“Lacking confidence” is a phrase stamped on assessments and appraisals quite frequently.
It’s possibly a misdirection and it’s hobbling us. If you tell someone they lack confidence- or seem to – they often believe you. They’ve heard that their whole life. You may have as well. And what’s familiar, feels right. But that’s a huge lift. Getting more confident, finding confidence – yikes.
Let’s reframe lack of confidence: let’s say, you really are only lacking comfort in a certain situation.
Why do we so readily grab on to the fact that we lack confidence?
Initially, in looking at this perspective, I assumed it was going to show up more on intake surveys of female clients. But that isn’t the case. It’s across the board — people accepting that they lack confidence because someone said it to them in relationship to the way they show up or speak or lead a meeting means they lack confidence. Reframe: How about it shows they may be uncomfortable and that they lack a few tools and techniques that can help?
Confidence can be a head game and quite discouraging.
Comfort can be a technique game and you can learn communication techniques that allow you to be more comfortable.
Many of us were full of joy and confidence when we were little – maybe 5 or 6 – we could be anything. We were joyously confident and comfortable – not arrogant.
Did we truly lose confidence as we moved through adolescence or did we simply get less comfortable?
If we believe we are lacking in confidence it seems to be self-perpetuating – a powerful snowball situation.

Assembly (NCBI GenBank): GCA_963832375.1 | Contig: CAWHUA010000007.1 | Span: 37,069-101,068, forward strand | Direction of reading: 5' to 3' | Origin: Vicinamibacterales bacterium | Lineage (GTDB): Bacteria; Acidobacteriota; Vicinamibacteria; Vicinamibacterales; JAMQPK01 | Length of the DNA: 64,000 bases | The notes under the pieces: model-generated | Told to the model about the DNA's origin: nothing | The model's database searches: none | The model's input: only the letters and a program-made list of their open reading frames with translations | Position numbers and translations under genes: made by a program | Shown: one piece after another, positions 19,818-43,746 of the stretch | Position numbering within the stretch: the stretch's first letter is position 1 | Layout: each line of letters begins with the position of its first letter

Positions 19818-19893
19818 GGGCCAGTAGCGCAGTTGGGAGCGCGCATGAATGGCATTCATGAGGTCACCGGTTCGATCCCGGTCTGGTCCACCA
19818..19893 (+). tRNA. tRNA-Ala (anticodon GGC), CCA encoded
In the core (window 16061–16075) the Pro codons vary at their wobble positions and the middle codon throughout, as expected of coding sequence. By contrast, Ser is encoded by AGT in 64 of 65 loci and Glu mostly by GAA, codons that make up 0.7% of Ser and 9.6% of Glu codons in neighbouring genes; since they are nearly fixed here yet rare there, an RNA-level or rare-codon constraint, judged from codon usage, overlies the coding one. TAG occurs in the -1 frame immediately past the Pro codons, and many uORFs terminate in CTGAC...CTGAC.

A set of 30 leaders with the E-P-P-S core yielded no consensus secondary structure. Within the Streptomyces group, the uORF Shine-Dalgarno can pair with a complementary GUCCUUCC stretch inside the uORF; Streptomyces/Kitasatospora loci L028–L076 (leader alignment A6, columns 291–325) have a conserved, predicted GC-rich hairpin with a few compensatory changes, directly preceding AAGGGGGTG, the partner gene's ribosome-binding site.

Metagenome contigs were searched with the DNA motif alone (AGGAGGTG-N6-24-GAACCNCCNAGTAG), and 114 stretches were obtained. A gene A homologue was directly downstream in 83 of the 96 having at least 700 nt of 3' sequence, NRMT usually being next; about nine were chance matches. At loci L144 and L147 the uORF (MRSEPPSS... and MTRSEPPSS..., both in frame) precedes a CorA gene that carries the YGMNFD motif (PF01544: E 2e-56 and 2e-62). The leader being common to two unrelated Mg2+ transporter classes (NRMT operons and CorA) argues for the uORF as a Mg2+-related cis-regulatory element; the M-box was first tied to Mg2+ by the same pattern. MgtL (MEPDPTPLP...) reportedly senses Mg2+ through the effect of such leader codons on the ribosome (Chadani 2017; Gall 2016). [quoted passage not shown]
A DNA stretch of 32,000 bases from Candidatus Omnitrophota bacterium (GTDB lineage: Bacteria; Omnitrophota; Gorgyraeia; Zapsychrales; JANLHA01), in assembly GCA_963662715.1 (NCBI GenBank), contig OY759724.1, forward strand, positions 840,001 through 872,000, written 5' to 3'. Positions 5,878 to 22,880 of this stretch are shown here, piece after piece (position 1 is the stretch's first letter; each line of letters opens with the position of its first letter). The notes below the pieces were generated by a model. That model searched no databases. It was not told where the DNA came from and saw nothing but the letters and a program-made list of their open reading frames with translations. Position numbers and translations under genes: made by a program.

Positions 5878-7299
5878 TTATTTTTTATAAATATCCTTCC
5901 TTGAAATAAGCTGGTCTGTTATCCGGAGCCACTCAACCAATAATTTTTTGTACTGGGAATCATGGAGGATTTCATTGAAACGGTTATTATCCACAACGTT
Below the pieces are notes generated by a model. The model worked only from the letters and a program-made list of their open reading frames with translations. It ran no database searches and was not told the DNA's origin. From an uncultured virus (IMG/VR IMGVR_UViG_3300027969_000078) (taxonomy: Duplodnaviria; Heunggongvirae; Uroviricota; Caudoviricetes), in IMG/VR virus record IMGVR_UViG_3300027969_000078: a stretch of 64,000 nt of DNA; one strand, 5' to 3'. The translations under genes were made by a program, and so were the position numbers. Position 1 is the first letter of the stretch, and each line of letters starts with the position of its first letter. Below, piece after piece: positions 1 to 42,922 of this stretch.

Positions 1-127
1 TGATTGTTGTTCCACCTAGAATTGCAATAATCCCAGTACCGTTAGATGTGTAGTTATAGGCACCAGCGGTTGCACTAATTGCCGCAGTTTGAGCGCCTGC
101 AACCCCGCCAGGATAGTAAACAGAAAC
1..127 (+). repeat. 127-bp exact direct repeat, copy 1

Why not say to ourselves – or others – “I’m lacking comfort in this particular situation – I’m still confident and competent – just not comfortable.” Yes, it’s only wording, and yet, words are powerful.
We have seen so many people light up with this reframe! Bright, talented, successful folks who have accepted and sunk under the weight that they lack confidence, are now investing valuable time in reclaiming their confidence, when suddenly they are reminded that they already are confident.
Reframe is a relief. It rings true. Yes, they are confident and excellent at what they do. They simply are in a variety of situations that are new and different and uncomfortable.
What mileage do we get out of equating comfort and confidence? Truly, I’m asking.
You can equate them. You can substitute them for each other.
Your choice. We suggest it’s simpler to reframe your “lack of confidence” to a “lack of comfort.” Seek out the tools that free you to be more comfortable communicating in a variety of situations – and accept that some situations do feel odd and uncomfortable and you can still rock your confidence and competence.
Written by Hilary Blair